To Catch a Data Leak
By Susanna Hamner

(Business 2.0) – So far this year, data breaches have tainted the reputations--and the security--of 80 organizations, from Bank of America to ChoicePoint to Time Warner. That's bad news for the 51 million people whose identities were exposed, but it's a boon for a burgeoning crop of startups. Because more than 50 percent of data leaks involve insiders, corporations are turning to content-monitoring companies such as Reconnex and Vontu to scan their networks and find the culprits. Paul Proctor, VP for research at Gartner Group, estimates that this market will be worth about $40 million by year's end. As more players, including Tablus and Vericept, join in, content monitoring could be a $160 million business by 2007.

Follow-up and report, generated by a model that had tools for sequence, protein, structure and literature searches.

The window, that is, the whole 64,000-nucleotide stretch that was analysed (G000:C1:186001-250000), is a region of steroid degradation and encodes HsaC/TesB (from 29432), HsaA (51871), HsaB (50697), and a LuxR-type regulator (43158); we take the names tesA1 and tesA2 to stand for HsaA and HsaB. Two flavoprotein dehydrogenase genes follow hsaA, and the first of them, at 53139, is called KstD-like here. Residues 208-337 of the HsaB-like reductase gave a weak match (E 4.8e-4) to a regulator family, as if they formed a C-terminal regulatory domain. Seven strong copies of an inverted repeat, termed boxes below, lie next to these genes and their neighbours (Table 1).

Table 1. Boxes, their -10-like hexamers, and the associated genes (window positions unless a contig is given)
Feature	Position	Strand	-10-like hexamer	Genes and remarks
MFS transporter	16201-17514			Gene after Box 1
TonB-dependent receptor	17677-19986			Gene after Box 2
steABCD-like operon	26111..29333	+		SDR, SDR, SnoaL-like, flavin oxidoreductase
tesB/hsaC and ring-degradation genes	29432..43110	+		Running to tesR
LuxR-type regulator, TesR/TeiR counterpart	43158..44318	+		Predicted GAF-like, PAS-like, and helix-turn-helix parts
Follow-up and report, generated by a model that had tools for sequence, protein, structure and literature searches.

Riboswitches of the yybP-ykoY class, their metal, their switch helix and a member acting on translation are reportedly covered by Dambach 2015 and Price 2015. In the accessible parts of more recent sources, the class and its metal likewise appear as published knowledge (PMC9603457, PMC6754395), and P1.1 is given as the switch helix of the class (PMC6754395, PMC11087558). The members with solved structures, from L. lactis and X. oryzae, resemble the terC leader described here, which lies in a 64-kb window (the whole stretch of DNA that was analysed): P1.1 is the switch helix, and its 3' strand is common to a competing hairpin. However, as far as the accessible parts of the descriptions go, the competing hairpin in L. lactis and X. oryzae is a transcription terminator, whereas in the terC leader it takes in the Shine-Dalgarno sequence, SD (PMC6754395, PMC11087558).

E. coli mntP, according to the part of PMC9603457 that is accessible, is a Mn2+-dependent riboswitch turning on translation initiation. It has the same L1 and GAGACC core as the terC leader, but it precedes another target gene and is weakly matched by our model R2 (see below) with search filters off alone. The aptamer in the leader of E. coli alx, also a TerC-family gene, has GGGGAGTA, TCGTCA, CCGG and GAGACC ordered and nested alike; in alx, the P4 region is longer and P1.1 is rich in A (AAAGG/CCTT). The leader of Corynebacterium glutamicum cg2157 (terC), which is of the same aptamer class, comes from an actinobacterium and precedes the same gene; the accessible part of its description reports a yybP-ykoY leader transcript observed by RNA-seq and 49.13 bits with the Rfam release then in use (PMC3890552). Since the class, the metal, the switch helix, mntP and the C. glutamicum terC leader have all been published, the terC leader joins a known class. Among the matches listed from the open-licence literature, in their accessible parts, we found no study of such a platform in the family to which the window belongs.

The grizzled veteran is four-year-old Vontu, whose client list includes heavyweights like Charles Schwab and Pitney Bowes. Vontu's software creates and indexes digital signatures for sensitive data--say, intellectual property or Social Security numbers. If an employee tries to send that data outside the company's network, Vontu blocks it from leaving. Analysts expect the company's revenues to hit $10 million by the end of 2005. Reconnex, meanwhile, is using software-embedded appliances to scan corporate networks. Founded in 2003, the Mountain View, Calif., company lets clients flag words, like "terrorist" or "confidential," and then uses forensics to determine who exposed flagged information. With WebEx as a client and NASA as a pilot customer, Reconnex CEO Donald Massaro says sales could exceed $8 million in the next 12 months. "At first it was a tough sell," he says. "Now the market is exploding."